Who says kids can’t rock?

Solid Fuel, band brainchild of music teacher Graeme Peters, features astounding performances from kids aged 10 to 15.

Peters originally wanted the band to be called Thunderblasters, but was promptly vetoed by the savvy rockers in favour of Solid Fuel.

Past performances include a set at The Old Fire Hall on May 15, where they played to a sold-out crowd — maybe mostly parents, but those who were there were rocked out of their seats.

The talent and musicianship shown by the youngsters echoes dedication and skill of bands much, much older.

Says Peters of his young School of Rockers, “When I first heard them, I was blown away. I close my eyes when we are practising and can’t tell the difference between them and older, more studied musicians.”

High praise for kids who are barely into high school or, in the case of Ragnvald “The Viking” Royle, at 10, just into middle school.

Stand-out covers the band performed included Crazy Train by Ozzy Osbourne, with Graeme Peters on vocals and bass, Alejandro Peters on drums, and Madison Dixon, Logan Frasher and Royle on electric guitars.

Peters likes to keep the kids on their toes, musically. He switches up their band duties every other set, letting them get comfortable with an instrument or a song, and then having them change over.

Dixon, in particular, demonstrates particular skill with her tiny daisy-shaped electric guitar, jamming it out with the best of them. She also has vocals that many would die for, belting out For Whom the Bell Tolls by Metallica, an incongruous song for a petite 11-year-old girl.

Peters hopes to include a mix of originals and covers in the band’s upcoming recording session with Old Crow Recording.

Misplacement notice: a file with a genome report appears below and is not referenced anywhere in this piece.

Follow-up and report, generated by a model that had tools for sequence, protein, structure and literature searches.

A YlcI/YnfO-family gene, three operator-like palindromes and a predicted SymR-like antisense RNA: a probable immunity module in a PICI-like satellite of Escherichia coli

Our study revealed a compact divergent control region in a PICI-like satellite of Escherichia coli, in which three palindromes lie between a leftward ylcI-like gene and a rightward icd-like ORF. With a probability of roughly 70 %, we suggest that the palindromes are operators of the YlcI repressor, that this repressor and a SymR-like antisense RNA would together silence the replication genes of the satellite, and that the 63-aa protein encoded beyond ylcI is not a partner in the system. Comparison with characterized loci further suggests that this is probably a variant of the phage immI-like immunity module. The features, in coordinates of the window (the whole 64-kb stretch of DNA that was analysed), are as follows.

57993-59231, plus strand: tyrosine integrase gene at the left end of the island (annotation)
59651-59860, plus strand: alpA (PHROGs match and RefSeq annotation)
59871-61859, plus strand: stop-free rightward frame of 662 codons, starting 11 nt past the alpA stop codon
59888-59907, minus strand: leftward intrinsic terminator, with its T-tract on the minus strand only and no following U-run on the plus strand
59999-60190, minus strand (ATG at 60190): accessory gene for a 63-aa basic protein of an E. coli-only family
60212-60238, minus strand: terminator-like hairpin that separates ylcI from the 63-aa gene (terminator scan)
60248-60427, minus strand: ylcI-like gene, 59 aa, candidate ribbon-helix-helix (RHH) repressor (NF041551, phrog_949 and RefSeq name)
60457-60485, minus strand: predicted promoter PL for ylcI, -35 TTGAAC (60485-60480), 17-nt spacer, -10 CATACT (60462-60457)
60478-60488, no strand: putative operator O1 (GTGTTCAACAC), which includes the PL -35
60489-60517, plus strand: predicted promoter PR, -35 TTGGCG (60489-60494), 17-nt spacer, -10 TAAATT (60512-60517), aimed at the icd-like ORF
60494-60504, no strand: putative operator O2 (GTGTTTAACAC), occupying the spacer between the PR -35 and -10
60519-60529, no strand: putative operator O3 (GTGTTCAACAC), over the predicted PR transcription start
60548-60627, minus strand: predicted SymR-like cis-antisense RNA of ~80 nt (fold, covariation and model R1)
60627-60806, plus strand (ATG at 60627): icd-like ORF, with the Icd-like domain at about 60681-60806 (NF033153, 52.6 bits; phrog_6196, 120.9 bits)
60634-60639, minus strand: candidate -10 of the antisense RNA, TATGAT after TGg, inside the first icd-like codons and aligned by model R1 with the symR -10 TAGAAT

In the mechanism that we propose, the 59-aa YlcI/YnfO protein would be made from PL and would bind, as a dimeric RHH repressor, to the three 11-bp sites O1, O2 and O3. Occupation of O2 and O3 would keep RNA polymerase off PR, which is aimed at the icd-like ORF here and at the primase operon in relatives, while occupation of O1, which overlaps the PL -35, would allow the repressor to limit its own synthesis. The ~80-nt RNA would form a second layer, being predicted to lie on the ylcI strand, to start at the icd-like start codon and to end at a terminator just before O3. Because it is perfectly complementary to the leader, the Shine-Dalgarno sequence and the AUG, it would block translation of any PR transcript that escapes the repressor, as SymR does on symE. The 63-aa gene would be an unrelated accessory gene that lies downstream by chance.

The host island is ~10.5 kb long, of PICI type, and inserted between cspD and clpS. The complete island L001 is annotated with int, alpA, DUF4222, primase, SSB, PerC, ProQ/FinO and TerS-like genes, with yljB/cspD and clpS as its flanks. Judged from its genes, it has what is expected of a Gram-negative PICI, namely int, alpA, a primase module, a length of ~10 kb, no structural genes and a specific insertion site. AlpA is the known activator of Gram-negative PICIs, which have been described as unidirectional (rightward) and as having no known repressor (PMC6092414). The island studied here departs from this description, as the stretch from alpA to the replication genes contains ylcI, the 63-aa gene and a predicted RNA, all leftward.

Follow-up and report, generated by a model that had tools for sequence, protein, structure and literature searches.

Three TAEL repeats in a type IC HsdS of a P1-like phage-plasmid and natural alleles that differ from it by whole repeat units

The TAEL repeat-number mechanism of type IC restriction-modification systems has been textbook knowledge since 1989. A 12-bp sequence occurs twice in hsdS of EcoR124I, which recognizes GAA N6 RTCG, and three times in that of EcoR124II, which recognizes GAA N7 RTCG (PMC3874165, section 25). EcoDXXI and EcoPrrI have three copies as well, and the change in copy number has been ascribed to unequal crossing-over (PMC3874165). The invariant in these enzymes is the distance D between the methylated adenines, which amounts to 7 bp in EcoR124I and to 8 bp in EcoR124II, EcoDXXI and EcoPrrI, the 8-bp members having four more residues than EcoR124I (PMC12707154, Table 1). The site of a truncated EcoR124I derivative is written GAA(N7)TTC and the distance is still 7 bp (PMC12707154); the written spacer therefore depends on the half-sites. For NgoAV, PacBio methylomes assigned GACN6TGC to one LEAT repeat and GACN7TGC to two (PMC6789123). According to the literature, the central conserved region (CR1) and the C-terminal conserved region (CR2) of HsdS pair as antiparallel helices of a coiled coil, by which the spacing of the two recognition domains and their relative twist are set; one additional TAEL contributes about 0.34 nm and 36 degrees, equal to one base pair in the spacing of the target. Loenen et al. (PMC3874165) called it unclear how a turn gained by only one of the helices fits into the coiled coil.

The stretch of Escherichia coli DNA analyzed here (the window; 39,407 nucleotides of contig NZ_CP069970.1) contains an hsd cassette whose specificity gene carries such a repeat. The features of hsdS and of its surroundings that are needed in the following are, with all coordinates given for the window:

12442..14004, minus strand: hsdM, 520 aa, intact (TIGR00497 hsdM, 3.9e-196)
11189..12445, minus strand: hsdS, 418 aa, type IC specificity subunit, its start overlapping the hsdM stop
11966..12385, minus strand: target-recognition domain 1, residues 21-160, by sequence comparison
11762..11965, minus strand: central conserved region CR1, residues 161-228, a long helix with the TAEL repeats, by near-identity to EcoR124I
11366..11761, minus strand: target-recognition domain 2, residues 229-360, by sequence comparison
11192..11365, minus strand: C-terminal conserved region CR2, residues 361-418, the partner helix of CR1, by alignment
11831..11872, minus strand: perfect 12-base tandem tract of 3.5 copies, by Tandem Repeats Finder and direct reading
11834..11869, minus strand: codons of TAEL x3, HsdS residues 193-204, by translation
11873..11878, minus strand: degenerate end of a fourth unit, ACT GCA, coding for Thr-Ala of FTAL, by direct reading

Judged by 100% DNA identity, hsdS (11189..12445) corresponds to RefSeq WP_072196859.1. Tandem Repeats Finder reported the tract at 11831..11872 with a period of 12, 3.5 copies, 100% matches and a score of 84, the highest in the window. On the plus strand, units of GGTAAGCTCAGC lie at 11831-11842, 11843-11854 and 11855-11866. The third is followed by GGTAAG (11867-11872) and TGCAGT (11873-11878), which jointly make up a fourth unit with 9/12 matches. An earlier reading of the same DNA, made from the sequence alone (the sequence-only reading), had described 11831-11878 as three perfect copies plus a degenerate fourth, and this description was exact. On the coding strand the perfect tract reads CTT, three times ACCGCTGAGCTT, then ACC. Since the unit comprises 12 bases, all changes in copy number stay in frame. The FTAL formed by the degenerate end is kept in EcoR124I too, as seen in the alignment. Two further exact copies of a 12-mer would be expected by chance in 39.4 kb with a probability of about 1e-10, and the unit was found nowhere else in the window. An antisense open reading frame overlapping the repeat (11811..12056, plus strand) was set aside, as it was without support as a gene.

“We’re really trying to stretch the band’s technical skills, and really allow them to expand their creativity,” he says.

Peters is humble about his role with the young stars, saying he just “directs them and conducts” and the kids do the rest.

“It’s really amazing, their level of dedication and talent. I’m just there, helping them be cohesive and move together as a band, and they take everything on themselves,” he says.

Their next show is at Coasters Bar and Grill on June 5, something that tickles Peters because the oldest performer in the group is four years underage.

“We’re having an afternoon show, doors open at 2 p.m. and the show is at 2:30 p.m. It should be awesome. The kids are working on more technical songs like maybe some Pete Frampton, The Who. We’ll see what happens!” he says.

With the high-energy direction and help of Peters, the kids relax and move from playing music to really performing, confidently owning the stage with an audience present.